Home » Teacher, skier, mentor, nudge, board member and poet

Teacher, skier, mentor, nudge, board member and poet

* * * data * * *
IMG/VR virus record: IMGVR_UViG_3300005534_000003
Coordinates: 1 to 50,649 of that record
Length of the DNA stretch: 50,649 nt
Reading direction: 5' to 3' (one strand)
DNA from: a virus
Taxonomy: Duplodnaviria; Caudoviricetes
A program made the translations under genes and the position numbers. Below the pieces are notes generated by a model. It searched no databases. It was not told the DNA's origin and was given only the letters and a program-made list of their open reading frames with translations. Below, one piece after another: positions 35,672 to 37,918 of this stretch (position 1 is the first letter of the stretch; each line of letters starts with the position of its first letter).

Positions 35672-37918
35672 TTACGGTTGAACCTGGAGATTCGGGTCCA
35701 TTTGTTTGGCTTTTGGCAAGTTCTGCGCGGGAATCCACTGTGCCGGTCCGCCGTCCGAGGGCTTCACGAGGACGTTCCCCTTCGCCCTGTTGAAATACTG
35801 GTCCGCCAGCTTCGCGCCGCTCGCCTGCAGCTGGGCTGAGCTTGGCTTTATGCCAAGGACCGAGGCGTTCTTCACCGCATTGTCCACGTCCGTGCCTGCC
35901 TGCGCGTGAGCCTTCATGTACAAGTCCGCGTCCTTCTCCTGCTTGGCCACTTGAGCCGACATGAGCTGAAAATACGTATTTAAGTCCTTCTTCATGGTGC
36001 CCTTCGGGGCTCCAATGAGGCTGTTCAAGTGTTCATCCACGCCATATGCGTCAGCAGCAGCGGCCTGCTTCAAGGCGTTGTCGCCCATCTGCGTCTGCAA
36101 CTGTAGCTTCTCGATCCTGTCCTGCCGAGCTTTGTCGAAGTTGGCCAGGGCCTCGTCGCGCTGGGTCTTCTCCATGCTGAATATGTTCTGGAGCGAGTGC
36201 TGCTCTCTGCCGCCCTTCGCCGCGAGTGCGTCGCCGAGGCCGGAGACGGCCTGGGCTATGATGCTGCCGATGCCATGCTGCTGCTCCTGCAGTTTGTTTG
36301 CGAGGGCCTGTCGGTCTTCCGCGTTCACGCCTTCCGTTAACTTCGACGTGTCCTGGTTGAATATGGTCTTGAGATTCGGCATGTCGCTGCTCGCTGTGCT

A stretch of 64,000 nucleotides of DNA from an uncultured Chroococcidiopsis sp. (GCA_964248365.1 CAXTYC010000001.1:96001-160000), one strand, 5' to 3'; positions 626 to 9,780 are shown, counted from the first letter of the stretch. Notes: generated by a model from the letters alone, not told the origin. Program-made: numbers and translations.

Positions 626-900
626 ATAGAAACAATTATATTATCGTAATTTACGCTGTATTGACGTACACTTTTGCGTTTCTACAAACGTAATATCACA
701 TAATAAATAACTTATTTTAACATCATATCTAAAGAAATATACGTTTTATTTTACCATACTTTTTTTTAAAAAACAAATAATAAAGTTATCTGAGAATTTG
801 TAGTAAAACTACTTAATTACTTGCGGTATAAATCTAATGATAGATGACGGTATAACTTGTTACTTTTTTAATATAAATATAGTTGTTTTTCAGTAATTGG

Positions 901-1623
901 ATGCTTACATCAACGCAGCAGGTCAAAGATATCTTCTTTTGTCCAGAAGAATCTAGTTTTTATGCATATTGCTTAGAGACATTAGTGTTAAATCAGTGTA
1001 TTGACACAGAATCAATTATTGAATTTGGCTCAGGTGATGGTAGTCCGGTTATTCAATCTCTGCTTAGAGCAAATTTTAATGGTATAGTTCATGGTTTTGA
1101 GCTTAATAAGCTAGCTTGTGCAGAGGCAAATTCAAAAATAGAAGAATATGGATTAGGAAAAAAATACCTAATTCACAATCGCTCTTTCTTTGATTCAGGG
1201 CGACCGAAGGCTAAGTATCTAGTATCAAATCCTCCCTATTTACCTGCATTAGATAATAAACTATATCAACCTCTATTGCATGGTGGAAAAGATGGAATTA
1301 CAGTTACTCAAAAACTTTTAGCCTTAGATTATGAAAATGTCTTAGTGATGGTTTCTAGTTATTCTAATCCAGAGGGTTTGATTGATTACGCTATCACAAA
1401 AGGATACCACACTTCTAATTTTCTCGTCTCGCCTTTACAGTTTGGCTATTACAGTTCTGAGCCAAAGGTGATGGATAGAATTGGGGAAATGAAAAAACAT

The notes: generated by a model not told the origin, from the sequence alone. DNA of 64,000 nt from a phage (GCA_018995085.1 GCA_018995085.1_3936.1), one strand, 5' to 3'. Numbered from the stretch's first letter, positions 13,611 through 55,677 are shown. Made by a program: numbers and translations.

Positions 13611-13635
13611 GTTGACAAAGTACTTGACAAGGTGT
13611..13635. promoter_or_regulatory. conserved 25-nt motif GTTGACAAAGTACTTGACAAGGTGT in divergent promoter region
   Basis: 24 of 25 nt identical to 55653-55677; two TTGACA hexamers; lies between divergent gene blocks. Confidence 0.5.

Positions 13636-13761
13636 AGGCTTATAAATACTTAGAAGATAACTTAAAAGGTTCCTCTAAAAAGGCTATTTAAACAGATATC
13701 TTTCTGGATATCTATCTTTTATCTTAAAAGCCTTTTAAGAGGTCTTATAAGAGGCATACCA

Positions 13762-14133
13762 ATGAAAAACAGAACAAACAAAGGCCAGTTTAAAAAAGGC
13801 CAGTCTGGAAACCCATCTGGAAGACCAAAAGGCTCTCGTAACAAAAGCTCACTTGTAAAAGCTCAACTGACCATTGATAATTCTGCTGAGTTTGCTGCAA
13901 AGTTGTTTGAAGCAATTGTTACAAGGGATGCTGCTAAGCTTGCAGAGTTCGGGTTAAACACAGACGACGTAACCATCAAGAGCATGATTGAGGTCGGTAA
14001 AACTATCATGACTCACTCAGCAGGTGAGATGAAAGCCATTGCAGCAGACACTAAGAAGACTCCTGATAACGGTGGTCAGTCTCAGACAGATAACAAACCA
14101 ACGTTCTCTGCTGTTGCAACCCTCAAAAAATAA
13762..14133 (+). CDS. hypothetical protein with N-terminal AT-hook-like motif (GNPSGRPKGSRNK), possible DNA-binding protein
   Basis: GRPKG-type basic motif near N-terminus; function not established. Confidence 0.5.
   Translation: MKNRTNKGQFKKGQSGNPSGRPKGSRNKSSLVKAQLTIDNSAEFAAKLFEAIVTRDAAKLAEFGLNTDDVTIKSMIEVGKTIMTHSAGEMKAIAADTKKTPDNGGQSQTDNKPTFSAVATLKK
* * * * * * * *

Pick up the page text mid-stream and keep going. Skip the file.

SALISBURY — Carl H. Williams, a prominent resident of Salisbury known for his abundant humor and public spirit, died Friday, Jan. 13, at Geer in North Canaan. He was 91.Born Dec. 19, 1920, in Ware, Mass., Williams graduated from The Lenox School in Lenox, Mass., in 1939 and earned a Bachelor of Arts in English from Trinity College in 1943.He then enlisted in the U.S. Navy and served until 1946. He remained in the Naval reserve until 1968.Williams, his wife Elizabeth (known as Ibba) and their three sons arrived in Salisbury in 1963, when Williams took the job as head of the math department at Salisbury School.An avid skier and all-around outdoorsman, Williams restarted the school’s skiing program and became head coach, just one of the many hats he wore at the school. He continued coaching until last year.Williams was also admissions director, college placement director and assistant librarian.Williams was involved with the Salisbury Winter Sports Association, the Democratic Town Committee, St. John’s Church and the Salisbury Forum.He was an instructor of a “55 and Over” driving course and a founding trustee of the Salisbury Housing Trust.In 1947, after Williams finished a three-year hitch on a destroyer escort in the U.S. Navy, he and Rod Beebe (Ibba’s brother) a teacher at The Gunnery in Washington, Conn., bought Camp Kapitachouane in central Quebec province and operated it until 1987. The camp’s mission was teaching groups of up to nine boys how to be outdoorsmen.Salisbury First Selectman Curtis Rand went on a couple of those trips.“His canoe trips taught generations of boys the challenges of self-confidence, as well as all manner of boy things, like how to sharpen an ax so you could shave with it (even though no one could shave yet), how to portage in mud, run rapids, patch clothes, get along and to breathe in the deep northern wilderness — and work from that point on to keep it intact,” he said.A Camp Kapitachouane brochure read, “small in size and run informally,” and, “teaches boys the fundamentals of camping and canoeing.”The camp is still there; the land is leased but “we still own the buildings,” Williams said in 2010.“Lawyers who aren’t born yet are trying to figure out” the legalities of the situation, and while Williams stopped making the trip some years ago, his sons and their families still use it.“Do I miss it?” he asked rhetorically. “You bet I do.”Salisbury School Headmaster Chisholm Chandler wrote: “The legend of Carl Williams is known throughout New England, especially on the ski slopes of Catamount, Butternut and other mountains where independent school students gather to race. Thankfully, his legacy will live on in our hearts and also in the many events named in his honor, including the Berkshire Ski League’s Championship Slalom Race. Carl often remarked that he always felt happiest when he was on the ski slopes teaching younger racers to ski fast or in his canoe in the summer, exploring new waters with students all over the Canadian province of Quebec. “As a faculty member at Salisbury, Carl was the consummate schoolman. He worked hard to help boys become men of courage, dedication and integrity. Never was there a man more dedicated to students, their growth and their passions for the outdoors, especially ski racing. We are so proud of him and the glorious life he lived for 91-plus years. We are heartbroken at his passing, as he was a very, very special man and friend.”State Sen. Andrew Roraback (R-30) met Williams when the latter coached the Hotchkiss ski team in the mid-1970s.“He seemed ageless when I met him in 1975, to the last time I saw him in 2011,” he said. “He had incredible devotion to Salisbury. You can’t imagine the town without Carl Williams being on the scene.”Williams was elected to the Salisbury Board of Finance in 1983, and became chairman in 1987.“Carl Williams was our financial historian,” said Bill Willis, who succeeded Williams as chairman in 2006. “He had a wealth of financial knowledge about the town, and he was a mentor to many of us on the board. I will miss his advice and counsel.“For us, a legend has passed away.”Rand said of Williams’ service on the finance board, “He then turned his attention to helping our town keep its finances on very solid footings. A true conservative, he might recycle old shoelaces, but he also never let us skimp on the important budget items that made our town strong, and his constant faith and trust in young people are his enduring life lessons.”Don Mayland, also from the Board of Finance, said, “To many of us in town he was a folk hero — bigger than life. I mean, how can you top a man who skis until he’s 90, and was sharp as a tack? He’s irreplaceable.”State Rep. Roberta Willis (D-64) said, “What a loss to this town. Carl is irreplaceable. His dedication and leadership left Salisbury on sound fiscal ground. “As an elected official and candidate, Carl only made two promises. First, he promised to govern with a sense of humor. Second, he promised to limit his terms of office to two more after his 90th birthday. Unfortunately, for all of us, he was unable to keep the latter one.”Williams wasn’t shy about expressing his opinions, but he leavened his remarks with humor. Williams’ poetry, written under the pseudonym “Corporal Doggerel,” appeared regularly in The Lakeville Journal. The gently satirical poems, often accompanied by simple illustrations by Williams, were popular.Roberta Willis: “Carl’s pencil was always sharp. ‘Corporal Doggerel’ enriched our lives and our community with his sage advice and quick wit for every occasion.”Roraback said over his years in the state legislature he had received numerous letters on various topics from Williams — on Camp Kapitachouane stationery.“He was opinionated, but always thoughtful and respectful. He had this brusque way about him that masked one of the biggest hearts I’ve ever had the pleasure of knowing,” said Roraback. “He was a good and decent soul.”Diane Mayland, a retired Salisbury Central School teacher, said, “Some men have smiley eyes. That was Carl Williams. He had a sparkle. He was such a positive person. And up until two years ago he was always a reader [at Read Aloud Day] at the school.”And Dave Heck, president of the Salisbury Association, noted that Williams was a trustee of the Salisbury Association for many years.“The meetings are not the same without him, Heck said. “He always approached things with great common sense and his wonderful sense of humor. He’d drop into the Academy Building almost every day, always with an interesting or funny story.”After an exhibit in April 2010 of Williams’ collection of canoe art at the Salisbury School, he invited a reporter to visit his home to see the full collection.The Williams home was chock full of canoe-related items — prints, photographs, models, catalogs and half a canoe converted into a bookshelf.Every wall in every room was pretty well covered — if not with canoe art, with mounted trout, caught in the wilds of Canada on one of the Camp Kapitachouane trips. His enthusiasm for the outdoors was apparent and contagious. Williams showed his visitor a red canoe model he commissioned in Jamaica — “In 1984, after a trip to the Arctic,” he added casually.And he described the process of getting four fat trout back from the northern wilderness for the taxidermist.The fish were completely gutted and scooped out on one side; “Then they went into a saltwater solution — thick enough to support a potato — for three days.“Then they were packed in wet salt.”And, two months later, they were ready for the taxidermist.As an example of Williams sense of humor, picture the man, wearing a sweatshirt with the legend “The Dogfather,” typing this letter to the editor, published in The Lakeville Journal Feb. 11, 2010:I would like to announce at this time that I am a candidate for any or all of the following statewide offices: Governor, Lieutenant Governor, Secretary of State, Attorney General, or any of the five Connecticut congressional representatives.Everybody else is doing it, so why shouldn’t I?And yes, I do have a platform:1. How do you keep business in Connecticut? We refuse to allow them to leave. The state will buy any items they cannot sell.2. How do we keep young people in Connecticut? See #1 above. When they threaten to leave we will send them to bed without any supper or TV.3. We will put toll booths on all roads entering Connecticut. Cars with New York Yankee stickers, T-shirts, etc. will have to pay a $500 entrance fee. Cars with Red Sox paraphernalia will pay $5. All other cars are free.4. How do we take care of the budget deficit? Easy! We will print all the money we need on a modern multi-color office copy machine, and call the result “state bond commission notes.”5. Term limits? You betcha, Sarah! When I am elected I will be a few weeks short of 90 years old, and I promise not to seek more than a second term.6. If, by chance, any of my competitors should win, they have to promise to govern with a sense of humor so that they will not be impossible to live with.Williams was nothing if not thorough. Another letter appeared in the Feb. 25 issue, thanking The Journal for running his announcement and noting that he forgot to mention his candidacy for the U.S. Senate.“And I should have included the health-care plank of my platform, which is as follows: Take two aspirin, use a Band-Aid if absolutely necessary, and call me when you are cured.”